Digital Reference Services

David Beagley (Heyward Library, La Trobe University, Bendigo, Victoria, Australia)

Library Management

ISSN: 0143-5124

Article publication date: 1 October 2004




Beagley, D. (2004), "Digital Reference Services", Library Management, Vol. 25 No. 8/9, pp. 406-406.



Emerald Group Publishing Limited

Copyright © 2004, Emerald Group Publishing Limited

“Librarians tend to overvalue technology”, state Jonathan Lauer and Steve McKinzie in their contribution to this collection of essays. “Every so often the profession fairly loses its head over some peripheral issue and goes bonkers” (pp. 46‐7).

Considering that theirs is the only voice of the 21 studies in this volume critical of what they see as a headlong rush to embrace digital reference services, they may have a point. Or, perhaps, they are way off the mark and blind to the potential of a bold new opportunity.

In the end, it is difficult to determine from this collection, due to that overwhelming, often uncritical, acceptance by the contributors of both the inevitability and desirability of the digital/online delivery of reference services. Compounding the issue is an uncertainty over what, exactly, that delivery encompasses.

The role of online and digital media in current information storage, retrieval and transfer is unquestioned. Most libraries would spend as much or more on electronic resources and licences than on print. As many of the contributors to this discussion recognize, not only is the Internet the first option taken by many (especially younger) clients when searching for information, but online communication forms (chat, e‐mail, sms, bbs) are increasingly their contact avenues of choice.

However, in Digital Reference Services, there is no clear consensus on whether the focus for libraries should be simply the online reference interview (guiding a distant client while keeping the integrity of the traditional library as a collection and a place) or on the full online library (delivering the content as well as the search strategies).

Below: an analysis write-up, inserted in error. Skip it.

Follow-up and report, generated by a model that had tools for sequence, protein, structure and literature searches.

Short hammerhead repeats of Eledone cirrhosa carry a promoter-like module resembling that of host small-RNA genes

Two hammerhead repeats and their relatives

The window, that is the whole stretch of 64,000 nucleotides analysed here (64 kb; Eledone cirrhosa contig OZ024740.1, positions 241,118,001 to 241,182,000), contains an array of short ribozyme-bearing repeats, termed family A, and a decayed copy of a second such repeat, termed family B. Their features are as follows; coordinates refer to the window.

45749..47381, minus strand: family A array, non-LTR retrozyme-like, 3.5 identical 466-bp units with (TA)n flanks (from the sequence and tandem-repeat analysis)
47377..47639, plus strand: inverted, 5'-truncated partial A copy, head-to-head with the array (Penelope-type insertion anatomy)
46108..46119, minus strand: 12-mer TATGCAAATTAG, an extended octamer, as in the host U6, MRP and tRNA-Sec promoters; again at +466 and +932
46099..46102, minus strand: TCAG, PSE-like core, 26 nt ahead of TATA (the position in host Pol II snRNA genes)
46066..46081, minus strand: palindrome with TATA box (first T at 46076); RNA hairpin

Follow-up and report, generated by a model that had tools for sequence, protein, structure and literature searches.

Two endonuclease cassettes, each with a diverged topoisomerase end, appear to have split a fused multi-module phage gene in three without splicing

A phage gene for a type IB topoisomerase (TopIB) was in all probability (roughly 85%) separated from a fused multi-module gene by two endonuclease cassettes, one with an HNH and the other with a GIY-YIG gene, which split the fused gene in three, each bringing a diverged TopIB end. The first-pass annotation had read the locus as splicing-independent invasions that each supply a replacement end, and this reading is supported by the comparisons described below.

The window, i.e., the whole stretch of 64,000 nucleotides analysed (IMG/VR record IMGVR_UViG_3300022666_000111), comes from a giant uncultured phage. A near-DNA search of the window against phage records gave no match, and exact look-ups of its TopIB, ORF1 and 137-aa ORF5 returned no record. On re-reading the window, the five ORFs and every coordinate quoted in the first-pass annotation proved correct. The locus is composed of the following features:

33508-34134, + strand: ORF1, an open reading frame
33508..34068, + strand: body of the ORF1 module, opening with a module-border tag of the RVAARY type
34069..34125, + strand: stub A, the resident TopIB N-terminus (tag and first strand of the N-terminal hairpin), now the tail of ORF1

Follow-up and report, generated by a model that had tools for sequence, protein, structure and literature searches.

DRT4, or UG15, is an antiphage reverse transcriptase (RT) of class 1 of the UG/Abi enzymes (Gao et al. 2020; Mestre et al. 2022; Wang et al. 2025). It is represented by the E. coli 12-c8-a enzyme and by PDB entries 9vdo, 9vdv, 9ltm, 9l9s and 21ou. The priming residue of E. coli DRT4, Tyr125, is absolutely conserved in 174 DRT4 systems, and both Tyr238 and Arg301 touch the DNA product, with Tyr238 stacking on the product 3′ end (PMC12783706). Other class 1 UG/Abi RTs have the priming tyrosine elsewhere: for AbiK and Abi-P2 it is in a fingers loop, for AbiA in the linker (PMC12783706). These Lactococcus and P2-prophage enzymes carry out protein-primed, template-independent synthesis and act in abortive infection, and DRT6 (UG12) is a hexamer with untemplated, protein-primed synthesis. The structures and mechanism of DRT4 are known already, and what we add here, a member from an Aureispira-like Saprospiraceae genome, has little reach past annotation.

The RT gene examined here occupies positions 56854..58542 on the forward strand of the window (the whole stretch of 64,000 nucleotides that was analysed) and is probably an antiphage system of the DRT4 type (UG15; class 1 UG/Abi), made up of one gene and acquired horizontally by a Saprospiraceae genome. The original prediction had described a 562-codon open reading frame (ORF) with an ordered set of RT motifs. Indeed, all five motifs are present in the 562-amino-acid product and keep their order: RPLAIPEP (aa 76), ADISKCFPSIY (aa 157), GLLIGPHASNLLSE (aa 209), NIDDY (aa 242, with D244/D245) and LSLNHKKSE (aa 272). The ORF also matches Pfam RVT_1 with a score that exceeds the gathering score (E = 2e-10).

If the online environment is to be taken as a major revolution in the theory of library service, then this distinction must be determined. If the reference interview is to be the prime focus of change, then we simply have another form of communication to deliver a nature of service already well developed. On the other hand, the question of the full online library (collection, search strategies and delivery) has been simmering along for years now with the technology, and public attitudes (Googling, anyone?), setting the agenda. Yet only one of this book's studies examines reference resource tools.

That conceptual problem aside, Digital Reference Services contains plenty of advice, research and learned expertise for libraries wanting to implement online reference interviews. Several essays deal specifically with online chat, considering adjustments to the traditional interchange between client and librarian. They recognize the absence of visual and aural cues in framing verbal exchanges, and the issues of time lapse in both parties typing statement and response.

David Carter's “Hurry up and wait: observations about the practice of chat reference” notes the need for librarians to adapt to the succinct, abbreviated language structure common in chat exchanges, while still giving clear and functional directions. He also raises the point that, while a client may be using chat as the most immediate tool at hand, it might not be their preferred form of communication. They could, just as easily as the librarian, be struggling with its limitations.

While choices of software and the nature of queries are examined by several writers in considerable and formal detail, one key issue not well studied is the nature of specific user groups to whom online reference might be a distinct improvement rather than just an alternative. A brief reference to a report by Monash University (Australia) on library services for the disabled enables Matthew Marsteller and Jackie Schmitt‐Marsteller to identify groups such as travelers, senior citizens, and the physically and socially disabled, for whom access to the physical library might be impossible. In these cases, online communication is a boon.

Most of the other studies, however, only consider the mainstream clientele of large public and academic libraries in the USA. Consequently, the overall tenor of the contributions is that here is a wonderful new tool we must rush to embrace or risk being left behind the fashion of modern life. This assumes that all clients have access to online communication, and that they prefer it to coming to the actual library. While this may be the case in affluent, technology‐rich societies and libraries, it is not in much of the library world (including schools and small public libraries in those “affluent” societies).

A broader perspective, focusing on the influence of online communication on evolving issues like information literacy, searching techniques, interaction with full‐text resources and the Internet would have given this volume greater relevance to more libraries. As it is, it has plenty of pointers for large libraries with good access to communication technology and the staff to spare to work it. It does well describing one direction reference services can take, but only one.

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